Date of Award


Document Type


Degree Name

Doctor of Philosophy (PhD)


Department of Psychology: School Psychology

First Advisor

Karla Doepke

Second Advisor

Corinne Zimmerman


Language used when referring to individuals with disabilities has changed over time as a result of advocacy and a search for equality and humanization. Beginning in the 1970s, there was a shift to the use of person-first language (PFL; e.g., person with autism) to reduce stigma, while simultaneously promoting equal human rights standards and opportunities for those with disabilities (Bury et al., 2020; Vivanti, 2020). PFL has been commonly used in many professional settings, but more recently this practice has received criticism from self-advocates and scholars who believe that identity-defining features, such as autism, cannot be separated from the individual. Arguments have been made that PFL may perpetuate stigma by drawing attention to a disability through unconventional language. Increasingly, disability advocates have expressed a preference for identity-first language (IFL; e.g., autistic). In the current study, U.S. autism stakeholders (i.e., adults with autism, parents of autistic individuals, professionals, family members/friends) and a comparison group of individuals with little to no experience with the autism community (n = 728) were surveyed about their usage of and preference for PFL and IFL terms to communicate about disabilities versus non-disability traits. Across affiliation groups, participants were more likely to select a PFL term when provided with a disability phrase, as compared to a non-disability phrase, and were also more likely to select a PFL term for a developmental disability than for a sensory/physical disability. Preferences and the use of terms varied across affiliation groups. The majority of autistic individuals preferred to self-identify using IFL (87%); however, a minority of autistic individuals did prefer to self-identify using PFL (13%). In contrast, professionals were more likely to use, like, and choose PFL terms, which is consistent with current education and guidelines provided to students and professionals. Parents and family members/friends reported preferring a similar number of IFL and PFL terms. Parents, however, rated PFL and IFL terms similarly and chose an IFL term when asked to choose just one term, while family members/friends rated preferring PFL over IFL terms and chose a PFL term. Those with little to no experience with the autism community selected more PFL terms than IFL terms, rated PFL terms as more likable, and equally selected a PFL or IFL term. In a follow-up vignette study, parents of autistic individuals were surveyed about how school faculty language terminology use impacted their comfortability, willingness to communicate, and trust in the faculty members. The use of incongruent language terminology (i.e., using terms that are inconsistent with parents’ preferred language use) by faculty members was revealed to significantly decrease trust in the faculty member, but not significantly impact comfortability or willingness to communicate.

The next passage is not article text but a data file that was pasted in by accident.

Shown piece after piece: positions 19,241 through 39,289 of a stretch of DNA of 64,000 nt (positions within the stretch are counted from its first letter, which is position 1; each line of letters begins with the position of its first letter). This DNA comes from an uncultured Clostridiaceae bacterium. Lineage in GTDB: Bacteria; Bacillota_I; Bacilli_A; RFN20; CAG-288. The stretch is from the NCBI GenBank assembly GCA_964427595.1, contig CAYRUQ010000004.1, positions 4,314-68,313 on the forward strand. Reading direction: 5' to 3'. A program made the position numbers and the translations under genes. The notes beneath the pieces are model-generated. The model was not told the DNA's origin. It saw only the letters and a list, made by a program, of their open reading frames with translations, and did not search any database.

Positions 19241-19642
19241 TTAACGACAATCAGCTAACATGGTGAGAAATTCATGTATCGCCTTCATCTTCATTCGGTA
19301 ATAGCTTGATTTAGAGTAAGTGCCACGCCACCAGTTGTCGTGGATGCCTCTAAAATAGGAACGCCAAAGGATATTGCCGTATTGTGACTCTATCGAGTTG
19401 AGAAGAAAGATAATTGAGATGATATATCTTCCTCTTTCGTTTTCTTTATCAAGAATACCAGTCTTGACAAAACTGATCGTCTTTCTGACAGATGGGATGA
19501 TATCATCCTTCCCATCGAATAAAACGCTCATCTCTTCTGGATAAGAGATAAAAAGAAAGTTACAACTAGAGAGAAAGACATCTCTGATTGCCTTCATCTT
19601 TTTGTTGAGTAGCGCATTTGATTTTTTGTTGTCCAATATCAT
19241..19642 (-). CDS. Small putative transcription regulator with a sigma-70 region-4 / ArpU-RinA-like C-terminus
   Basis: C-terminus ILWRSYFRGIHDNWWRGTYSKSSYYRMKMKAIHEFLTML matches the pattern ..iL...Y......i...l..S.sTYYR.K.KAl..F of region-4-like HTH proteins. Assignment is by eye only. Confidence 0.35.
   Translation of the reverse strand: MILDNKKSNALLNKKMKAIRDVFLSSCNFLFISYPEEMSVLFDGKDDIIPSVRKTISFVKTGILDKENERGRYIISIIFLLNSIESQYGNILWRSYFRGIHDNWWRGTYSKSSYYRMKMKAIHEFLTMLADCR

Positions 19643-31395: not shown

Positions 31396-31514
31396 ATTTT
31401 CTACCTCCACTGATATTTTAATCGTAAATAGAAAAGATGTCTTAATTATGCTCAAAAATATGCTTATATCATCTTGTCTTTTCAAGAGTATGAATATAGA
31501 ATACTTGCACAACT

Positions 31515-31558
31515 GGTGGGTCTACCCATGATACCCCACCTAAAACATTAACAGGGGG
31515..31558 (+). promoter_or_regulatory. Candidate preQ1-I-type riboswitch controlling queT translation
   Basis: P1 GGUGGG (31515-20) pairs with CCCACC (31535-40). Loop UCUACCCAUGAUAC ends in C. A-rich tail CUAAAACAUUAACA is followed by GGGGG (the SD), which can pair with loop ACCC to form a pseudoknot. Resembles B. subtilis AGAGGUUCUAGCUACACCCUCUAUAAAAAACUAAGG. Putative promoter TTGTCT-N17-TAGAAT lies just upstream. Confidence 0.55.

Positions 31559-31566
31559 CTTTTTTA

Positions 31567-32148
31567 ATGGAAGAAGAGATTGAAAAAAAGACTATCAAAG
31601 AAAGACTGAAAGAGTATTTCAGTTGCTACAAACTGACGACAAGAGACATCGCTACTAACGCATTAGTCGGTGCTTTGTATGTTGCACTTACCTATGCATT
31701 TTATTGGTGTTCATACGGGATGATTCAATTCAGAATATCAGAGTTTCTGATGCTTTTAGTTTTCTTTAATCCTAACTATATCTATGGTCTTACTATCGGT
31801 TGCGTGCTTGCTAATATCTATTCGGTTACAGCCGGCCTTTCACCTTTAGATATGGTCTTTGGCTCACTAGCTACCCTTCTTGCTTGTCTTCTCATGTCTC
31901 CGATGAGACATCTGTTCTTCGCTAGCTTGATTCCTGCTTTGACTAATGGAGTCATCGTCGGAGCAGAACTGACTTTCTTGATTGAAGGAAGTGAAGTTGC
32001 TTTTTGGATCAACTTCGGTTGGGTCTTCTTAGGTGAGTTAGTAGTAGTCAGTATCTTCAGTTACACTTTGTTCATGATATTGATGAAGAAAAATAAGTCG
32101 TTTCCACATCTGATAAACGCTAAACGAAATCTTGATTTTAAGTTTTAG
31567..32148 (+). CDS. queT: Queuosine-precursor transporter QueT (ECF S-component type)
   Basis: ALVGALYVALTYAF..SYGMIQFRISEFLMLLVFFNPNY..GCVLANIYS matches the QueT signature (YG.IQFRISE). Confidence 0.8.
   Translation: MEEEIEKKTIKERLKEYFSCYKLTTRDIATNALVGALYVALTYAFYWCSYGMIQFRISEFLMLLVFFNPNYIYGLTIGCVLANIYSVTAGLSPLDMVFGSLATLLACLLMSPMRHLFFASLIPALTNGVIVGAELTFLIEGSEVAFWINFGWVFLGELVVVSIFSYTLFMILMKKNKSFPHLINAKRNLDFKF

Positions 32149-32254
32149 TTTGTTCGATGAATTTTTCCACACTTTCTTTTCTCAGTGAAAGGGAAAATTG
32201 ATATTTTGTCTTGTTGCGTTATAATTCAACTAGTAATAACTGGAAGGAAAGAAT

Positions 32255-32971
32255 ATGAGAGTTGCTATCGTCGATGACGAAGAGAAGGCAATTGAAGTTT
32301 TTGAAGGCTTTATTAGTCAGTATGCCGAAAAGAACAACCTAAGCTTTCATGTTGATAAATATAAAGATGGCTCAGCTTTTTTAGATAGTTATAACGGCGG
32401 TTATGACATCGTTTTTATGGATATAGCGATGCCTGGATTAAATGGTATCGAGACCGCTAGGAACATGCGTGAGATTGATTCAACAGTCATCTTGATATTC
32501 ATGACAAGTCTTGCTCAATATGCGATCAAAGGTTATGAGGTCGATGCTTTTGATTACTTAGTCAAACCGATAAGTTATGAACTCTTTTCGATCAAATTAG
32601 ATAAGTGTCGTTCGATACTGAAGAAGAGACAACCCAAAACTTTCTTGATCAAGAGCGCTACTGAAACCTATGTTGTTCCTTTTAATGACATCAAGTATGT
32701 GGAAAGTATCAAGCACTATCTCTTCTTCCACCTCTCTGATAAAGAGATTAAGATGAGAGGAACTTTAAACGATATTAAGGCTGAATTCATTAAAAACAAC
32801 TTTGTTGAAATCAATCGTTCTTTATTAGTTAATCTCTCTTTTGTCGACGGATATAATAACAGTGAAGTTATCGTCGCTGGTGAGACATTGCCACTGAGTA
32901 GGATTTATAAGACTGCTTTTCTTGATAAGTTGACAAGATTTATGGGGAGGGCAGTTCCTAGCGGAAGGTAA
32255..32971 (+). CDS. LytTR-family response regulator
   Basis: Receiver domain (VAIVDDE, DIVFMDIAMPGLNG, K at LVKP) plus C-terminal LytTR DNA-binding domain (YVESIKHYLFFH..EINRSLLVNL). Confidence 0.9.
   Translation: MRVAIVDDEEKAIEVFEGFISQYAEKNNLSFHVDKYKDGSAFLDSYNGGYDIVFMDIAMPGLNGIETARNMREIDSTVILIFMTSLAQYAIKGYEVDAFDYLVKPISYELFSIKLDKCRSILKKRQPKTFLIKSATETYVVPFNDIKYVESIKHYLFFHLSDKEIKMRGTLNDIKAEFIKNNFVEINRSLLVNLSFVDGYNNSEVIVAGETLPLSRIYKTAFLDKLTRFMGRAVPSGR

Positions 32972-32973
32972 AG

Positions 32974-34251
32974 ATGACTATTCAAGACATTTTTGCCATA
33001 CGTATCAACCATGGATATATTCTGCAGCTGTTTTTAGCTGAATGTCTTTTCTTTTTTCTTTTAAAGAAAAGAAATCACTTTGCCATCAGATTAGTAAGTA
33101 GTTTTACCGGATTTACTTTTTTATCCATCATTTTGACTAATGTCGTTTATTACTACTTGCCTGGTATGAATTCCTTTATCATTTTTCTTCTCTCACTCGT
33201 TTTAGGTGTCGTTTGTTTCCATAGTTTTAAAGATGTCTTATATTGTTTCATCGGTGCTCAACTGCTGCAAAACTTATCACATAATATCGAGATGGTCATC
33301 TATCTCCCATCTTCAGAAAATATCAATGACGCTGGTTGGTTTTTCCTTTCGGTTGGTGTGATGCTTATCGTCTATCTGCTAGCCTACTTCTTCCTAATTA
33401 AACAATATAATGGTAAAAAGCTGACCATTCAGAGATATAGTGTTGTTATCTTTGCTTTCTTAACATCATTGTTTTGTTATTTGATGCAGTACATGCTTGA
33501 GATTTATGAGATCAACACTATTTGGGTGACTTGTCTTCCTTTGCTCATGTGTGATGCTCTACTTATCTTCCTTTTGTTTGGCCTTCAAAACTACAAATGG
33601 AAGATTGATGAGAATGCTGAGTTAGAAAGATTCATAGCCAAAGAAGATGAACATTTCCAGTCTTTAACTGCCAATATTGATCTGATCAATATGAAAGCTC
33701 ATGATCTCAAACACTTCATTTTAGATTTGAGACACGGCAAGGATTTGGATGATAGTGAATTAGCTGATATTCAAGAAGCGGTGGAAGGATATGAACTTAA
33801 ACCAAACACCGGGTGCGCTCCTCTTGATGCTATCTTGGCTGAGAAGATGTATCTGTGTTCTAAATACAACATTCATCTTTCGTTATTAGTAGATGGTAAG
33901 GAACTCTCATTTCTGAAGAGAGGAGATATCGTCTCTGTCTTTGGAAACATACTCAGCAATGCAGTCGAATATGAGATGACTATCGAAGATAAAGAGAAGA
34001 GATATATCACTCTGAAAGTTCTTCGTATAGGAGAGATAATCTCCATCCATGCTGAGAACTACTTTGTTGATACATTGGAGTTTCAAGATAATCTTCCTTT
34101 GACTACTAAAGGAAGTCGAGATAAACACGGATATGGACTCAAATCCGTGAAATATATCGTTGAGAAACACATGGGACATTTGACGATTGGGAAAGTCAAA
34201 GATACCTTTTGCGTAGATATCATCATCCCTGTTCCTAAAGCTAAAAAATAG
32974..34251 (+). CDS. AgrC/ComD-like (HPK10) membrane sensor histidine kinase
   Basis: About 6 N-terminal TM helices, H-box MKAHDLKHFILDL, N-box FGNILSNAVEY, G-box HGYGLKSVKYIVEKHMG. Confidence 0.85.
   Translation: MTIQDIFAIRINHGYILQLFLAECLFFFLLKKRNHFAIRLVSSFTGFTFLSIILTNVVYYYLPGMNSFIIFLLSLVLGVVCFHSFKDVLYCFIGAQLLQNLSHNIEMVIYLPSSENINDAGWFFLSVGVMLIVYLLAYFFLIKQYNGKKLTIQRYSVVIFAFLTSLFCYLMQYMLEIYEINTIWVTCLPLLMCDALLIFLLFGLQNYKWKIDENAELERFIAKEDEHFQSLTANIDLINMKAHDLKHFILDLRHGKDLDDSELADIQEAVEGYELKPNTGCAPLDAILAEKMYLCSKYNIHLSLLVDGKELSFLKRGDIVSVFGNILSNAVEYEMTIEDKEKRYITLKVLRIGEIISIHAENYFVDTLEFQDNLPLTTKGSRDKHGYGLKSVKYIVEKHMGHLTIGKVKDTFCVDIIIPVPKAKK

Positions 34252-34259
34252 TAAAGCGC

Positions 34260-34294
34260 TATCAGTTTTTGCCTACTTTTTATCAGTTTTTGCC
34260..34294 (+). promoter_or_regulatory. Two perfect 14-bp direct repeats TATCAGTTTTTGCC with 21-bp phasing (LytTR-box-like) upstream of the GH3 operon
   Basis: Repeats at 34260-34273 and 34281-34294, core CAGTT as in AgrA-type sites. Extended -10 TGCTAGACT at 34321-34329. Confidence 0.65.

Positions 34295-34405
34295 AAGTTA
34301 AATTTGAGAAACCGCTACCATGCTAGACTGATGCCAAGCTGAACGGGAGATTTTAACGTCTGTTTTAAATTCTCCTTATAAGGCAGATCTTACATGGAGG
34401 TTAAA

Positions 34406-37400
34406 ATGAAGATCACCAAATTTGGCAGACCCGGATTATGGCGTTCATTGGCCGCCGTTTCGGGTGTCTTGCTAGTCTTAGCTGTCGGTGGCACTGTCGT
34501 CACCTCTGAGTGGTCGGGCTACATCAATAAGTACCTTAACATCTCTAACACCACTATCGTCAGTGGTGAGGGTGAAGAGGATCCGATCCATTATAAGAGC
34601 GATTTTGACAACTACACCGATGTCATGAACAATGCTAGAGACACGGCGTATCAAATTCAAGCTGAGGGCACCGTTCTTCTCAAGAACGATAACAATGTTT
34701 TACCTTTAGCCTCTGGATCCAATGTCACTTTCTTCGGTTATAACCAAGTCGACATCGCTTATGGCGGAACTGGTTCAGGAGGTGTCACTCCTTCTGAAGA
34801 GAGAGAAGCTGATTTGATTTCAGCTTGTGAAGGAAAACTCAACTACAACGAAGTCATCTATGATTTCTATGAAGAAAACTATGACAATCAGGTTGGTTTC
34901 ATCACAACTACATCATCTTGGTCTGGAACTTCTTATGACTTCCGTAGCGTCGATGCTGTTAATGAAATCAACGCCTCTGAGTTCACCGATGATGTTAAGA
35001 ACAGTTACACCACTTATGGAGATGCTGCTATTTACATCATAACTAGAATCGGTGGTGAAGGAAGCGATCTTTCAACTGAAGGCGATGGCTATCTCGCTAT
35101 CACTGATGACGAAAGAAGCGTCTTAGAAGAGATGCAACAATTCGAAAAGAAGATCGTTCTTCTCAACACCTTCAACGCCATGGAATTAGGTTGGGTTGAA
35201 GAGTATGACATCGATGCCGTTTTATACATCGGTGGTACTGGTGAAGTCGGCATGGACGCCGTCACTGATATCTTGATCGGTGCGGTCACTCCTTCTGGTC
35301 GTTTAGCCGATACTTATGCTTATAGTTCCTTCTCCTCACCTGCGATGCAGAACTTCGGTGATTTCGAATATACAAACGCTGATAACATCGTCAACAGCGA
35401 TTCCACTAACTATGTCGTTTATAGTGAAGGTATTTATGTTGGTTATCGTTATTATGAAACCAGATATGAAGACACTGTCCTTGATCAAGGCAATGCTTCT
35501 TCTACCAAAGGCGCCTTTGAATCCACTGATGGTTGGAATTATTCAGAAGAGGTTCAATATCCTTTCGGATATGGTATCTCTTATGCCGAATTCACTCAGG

Imported from Taboas_ilstu_0092E_12084.pdf


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